The coming together of fintech disruptors and financial services companies
At invstr we have had the pleasure of interviewing many industry leaders in FinTech (Financial Technology). We’ve spoken to commercial banking startups, crowdfunding specialists, business networking experts and many more who are beginning to change the way society relates to finance, not just on a business level, but on a personal one as well.
The key theme has been disruption because these companies have actively sought to circumvent traditional methods of conducting business and personal transactions at every level. Used to using a bank that charges you extortionate foreign exchange fees? There’s a business that changes that. Want to invest in a startup on the cheap? There’s crowdfunding firms that lets you do this with as little as £10. Frustrated by the exclusivity and lack of transparency of the investment world but want to invest your own money and save for your future? New fintech ventures allow you to invest in low risk high quality funds managed by people who feel the same way about the industry.
FinTech disruptors were once not taken seriously as competition for big established Financial Services companies. Yet, as they have grown their customer bases and appeal, larger firms quickly realized they posed a serious threat to them as rivals. These FinTech firms have brought consumers to less expensive and more user-friendly options which have especially engaged younger audiences, something which many large-scale firms have failed to achieve. Indeed, studies show that banks have struggled to regain customer trust since the financial crisis of 2007/8, especially with regards to young people. In an age where millennials are more knowledgeable about technology than ever before, finance is becoming more synonymous with online payments, virtual currencies and the like, rather than traditional banks they find on the high street.
This presented a challenge. What were these traditional firms to do about these engaging new ventures which were siphoning away customers, particularly those from the millennial generation? Some have seen a business opportunity. Journalist Oscar Williams-Grut recently referenced a report from PwC in a piece for Business Insider discussing this very issue. He writes, “PwC says the financial services establishment has moved from viewing fintech startups as an amusing aside to seeing them as crucial collaborators, with a huge proportion hoping to partner with new innovators in the future.”
Indeed, the joining together of these firms could prove to be a match made in heaven. After all, what do these traditional financial incumbents lack? Usually an advanced level of digital-savvy that startups have in abundance. However, they do tend to have large client bases, made up of those who’ve been with their brand over a lifetime. Startups however are still in the initial phase of carving out their place in the market, and though they may offer new services, many customers are still unwilling to change their approach to finance. One could benefit the other. Grut writes, “Fintech startups are fast realising that it takes a huge amount of money and effort to attract a customer base that stretches beyond early adopters and the tech-savvy. Partnering with a large incumbent who will pitch them to their client base seems like a sensible growth hack.”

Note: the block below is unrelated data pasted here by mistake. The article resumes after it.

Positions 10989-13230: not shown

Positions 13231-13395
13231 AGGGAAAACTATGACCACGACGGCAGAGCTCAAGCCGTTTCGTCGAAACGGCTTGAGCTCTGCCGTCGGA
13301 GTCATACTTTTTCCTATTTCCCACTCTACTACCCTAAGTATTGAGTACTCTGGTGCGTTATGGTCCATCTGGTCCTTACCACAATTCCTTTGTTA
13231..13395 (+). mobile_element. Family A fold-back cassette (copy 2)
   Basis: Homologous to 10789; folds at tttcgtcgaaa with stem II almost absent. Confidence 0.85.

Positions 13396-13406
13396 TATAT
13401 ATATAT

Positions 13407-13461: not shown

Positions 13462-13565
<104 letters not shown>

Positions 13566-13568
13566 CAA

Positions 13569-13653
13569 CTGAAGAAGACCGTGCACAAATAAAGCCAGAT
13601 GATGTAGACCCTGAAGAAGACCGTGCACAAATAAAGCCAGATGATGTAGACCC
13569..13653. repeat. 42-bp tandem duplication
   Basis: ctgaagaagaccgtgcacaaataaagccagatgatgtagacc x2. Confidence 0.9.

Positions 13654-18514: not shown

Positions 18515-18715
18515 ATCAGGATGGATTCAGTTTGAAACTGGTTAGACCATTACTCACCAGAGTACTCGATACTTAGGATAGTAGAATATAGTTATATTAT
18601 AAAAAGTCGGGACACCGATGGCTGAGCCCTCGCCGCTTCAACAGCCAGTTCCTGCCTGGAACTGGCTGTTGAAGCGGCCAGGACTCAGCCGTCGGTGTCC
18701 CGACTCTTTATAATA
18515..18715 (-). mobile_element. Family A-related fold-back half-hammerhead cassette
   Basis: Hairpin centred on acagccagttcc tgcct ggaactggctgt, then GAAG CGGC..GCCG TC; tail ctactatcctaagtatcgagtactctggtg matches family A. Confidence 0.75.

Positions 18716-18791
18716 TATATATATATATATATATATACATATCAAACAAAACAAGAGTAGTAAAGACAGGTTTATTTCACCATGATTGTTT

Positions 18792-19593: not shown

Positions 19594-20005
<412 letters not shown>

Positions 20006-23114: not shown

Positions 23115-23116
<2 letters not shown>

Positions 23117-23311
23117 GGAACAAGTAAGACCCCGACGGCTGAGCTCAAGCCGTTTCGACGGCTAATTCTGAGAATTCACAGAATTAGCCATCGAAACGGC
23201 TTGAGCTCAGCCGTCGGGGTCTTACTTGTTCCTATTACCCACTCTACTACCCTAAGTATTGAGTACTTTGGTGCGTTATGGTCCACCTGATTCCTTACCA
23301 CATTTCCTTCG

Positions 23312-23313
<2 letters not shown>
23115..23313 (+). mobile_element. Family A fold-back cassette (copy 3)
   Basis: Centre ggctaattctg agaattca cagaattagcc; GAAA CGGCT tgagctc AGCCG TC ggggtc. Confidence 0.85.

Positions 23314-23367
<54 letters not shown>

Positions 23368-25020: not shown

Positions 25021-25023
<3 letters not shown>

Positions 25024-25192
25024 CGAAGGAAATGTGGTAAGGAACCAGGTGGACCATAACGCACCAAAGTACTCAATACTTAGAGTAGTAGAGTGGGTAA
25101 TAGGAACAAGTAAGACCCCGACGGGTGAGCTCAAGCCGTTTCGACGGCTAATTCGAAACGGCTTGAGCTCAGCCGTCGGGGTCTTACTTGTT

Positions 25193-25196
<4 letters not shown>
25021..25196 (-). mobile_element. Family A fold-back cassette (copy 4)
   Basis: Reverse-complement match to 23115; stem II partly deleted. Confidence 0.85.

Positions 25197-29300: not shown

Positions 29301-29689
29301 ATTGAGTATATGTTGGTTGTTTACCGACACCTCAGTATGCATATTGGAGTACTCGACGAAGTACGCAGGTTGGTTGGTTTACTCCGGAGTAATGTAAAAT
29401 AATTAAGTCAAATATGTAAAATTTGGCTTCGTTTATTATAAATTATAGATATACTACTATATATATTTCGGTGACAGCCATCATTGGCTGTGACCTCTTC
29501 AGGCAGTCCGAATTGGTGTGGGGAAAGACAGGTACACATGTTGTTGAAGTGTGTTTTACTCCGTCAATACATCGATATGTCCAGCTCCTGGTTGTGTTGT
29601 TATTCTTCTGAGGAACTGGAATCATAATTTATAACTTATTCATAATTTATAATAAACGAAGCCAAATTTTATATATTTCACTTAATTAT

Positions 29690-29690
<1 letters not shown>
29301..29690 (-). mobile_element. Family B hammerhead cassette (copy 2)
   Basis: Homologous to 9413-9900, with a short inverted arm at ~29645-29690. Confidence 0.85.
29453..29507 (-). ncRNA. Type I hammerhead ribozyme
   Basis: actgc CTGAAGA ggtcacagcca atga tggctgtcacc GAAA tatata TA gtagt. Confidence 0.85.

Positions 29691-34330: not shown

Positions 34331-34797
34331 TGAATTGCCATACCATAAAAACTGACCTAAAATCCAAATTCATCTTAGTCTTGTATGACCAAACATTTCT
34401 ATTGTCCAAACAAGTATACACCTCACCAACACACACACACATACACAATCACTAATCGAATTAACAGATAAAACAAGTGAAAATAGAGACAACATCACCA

“Established finance companies, meanwhile, are struggling to innovate at the pace and to the standard demanded by clients. They are simply too big and cumbersome to deliver new digital products. Partnering with a nimble startup can fix this, allowing the incumbent to offer a slick service to clients with their brand on.”
The new report from PwC outlines the way financial services businesses perceive fintech competitors. In particular, it identifies consumer banking, fund transfers and payments, investment and wealth management and even insurance as being the hardest hit areas for traditional firms. If you want to read the full report, follow the link here: Redrawing the lines: FinTech’s growing influence on Financial Services
At invstr we make no secret of the fact we want to disrupt the industry by demystifying the markets. We want people to be self-directed investors. Many people want to learn how to invest, but feel overwhelmed by the complexity of finance. It’s a key stumbling block for many people with an interest in trading. In truth, most are baffled by financial markets , seeing them as a ‘closed shop’ that should be left to analysts and other finance professionals to interpret and understand. We don’t believe this perception is accurate! Though it may take practice and a little education, investing is a skill just like any other, and we want to challenge these notions which have been propagated by Financial Services firms for many years, many of whom have increased their profits by capitalizing on the public’s lack of financial savvy. Well, we want you to have the knowledge the professionals have – that’s why our platform contains investment games to help you practice, a vast array of data and news to help you make sense of the business world, and social functionality to share your thoughts and new ideas with your fellow investors.
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Invstr is a technology platform, not a registered broker-dealer or investment adviser. Invstr does not offer its own recommendations of any security or provide its own research to any user regarding any security transaction or order.
Please note, investing involves risk and investments may lose value. Past performance does not guarantee future results.
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